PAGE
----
Macdonald acknowledged that the problem lies with the long federal waiting period for work permits, not with state law, and said he has urged Maine’s congressional delegation to address the issue. But a federal fix does not seem to be coming.

“It’s killing us. We can’t go on,” Macdonald said. “The people of Lewiston, we just can’t afford to do this any more.”

Portland has, by far, the largest population of asylum seekers and is the state’s largest service center. However, no one from the city testified on the bills Wednesday.

For months, LePage and city leaders have been locked in a legal battle over his administration’s policy of refusing to reimburse municipalities for General Assistance paid to asylum seekers and other immigrants without valid visas. Most aslylum seekers arrive in the U.S. with visas, which typically expire before their asylum applications are reviewed.


LePage’s proposal to halt aid to immigrants would affect more than 500 families, or 900 individuals, according to city figures. Portland officials are already bracing for a financial hit of up to $5 million next year, and the acting city manager’s proposed budget for next year includes 15 layoffs.

Another bill heard Wednesday, L.D. 632, would require the state to take over administration of the General Assistance program.

“I am tired of the argument about one town not doing this the right way,” said bill sponsor Sen. Tom Saviello, R-Wilton. “If we want to do this the right way, then the state needs to do it so that it is consistent.”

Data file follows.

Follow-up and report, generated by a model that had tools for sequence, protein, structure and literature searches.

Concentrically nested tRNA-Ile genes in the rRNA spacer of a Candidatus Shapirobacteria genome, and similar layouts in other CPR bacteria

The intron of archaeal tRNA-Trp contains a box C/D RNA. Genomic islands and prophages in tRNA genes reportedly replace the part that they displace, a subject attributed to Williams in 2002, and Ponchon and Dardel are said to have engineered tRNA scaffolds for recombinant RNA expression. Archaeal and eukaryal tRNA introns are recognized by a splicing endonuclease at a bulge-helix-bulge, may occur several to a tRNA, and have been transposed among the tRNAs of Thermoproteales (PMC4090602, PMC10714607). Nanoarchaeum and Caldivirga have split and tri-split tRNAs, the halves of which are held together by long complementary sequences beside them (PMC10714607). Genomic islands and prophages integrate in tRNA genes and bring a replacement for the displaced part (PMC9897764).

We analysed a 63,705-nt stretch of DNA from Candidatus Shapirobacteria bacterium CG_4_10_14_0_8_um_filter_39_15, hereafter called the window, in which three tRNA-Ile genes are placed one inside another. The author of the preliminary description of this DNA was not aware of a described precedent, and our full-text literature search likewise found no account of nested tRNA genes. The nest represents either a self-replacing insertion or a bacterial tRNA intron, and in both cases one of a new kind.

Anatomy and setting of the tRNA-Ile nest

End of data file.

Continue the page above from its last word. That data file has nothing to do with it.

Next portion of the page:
Saviello introduced the bill at the request of the Maine Municipal Association. The association’s Kate Dufour testified that municipalities are constantly caught in a “crossfire” between people who complain that towns are too generous and others who need assistance. Now the LePage administration is proposing to change the rules and criticizing Portland’s management of the program.

“We provide assistance according to statute and then the state comes in and says we are only going to pay for X percent of that,” Dufour said. “That’s not fair. We are not being treated as partners.”


But Sam Adolphsen, chief operating officer at the Maine Department of Health and Human Services, said the LePage administration doesn’t want to run the General Assistance program. Adolphsen said it is better to have local officials making decisions about who should receive welfare benefits in their communities.

“I believe this is being done effectively across the state with some exceptions, which we are working through with the municipalities, and we believe local control within the guidelines of the program is the appropriate structure of this program,” Adolphsen said.

One bill that is unlikely to pass is Brakey’s proposal to require welfare applicants to prove they have lived in Maine for at least six months in order to qualify.

Responding to an earlier comment by Brakey that lawmakers often don’t hear from “Maine taxpayers because they are working,” Oamshri Amarasingham with the American Civil Liberties Union of Maine noted that courts have consistently struck down such residency requirements as unconstitutional.

“As a taxpayer, I don’t appreciate it when the administration and the Legislature move forward with proposals that are clearly unconstitutional,” Amarasingham said.

The committee has scheduled tentative work sessions on the welfare bills for April 28.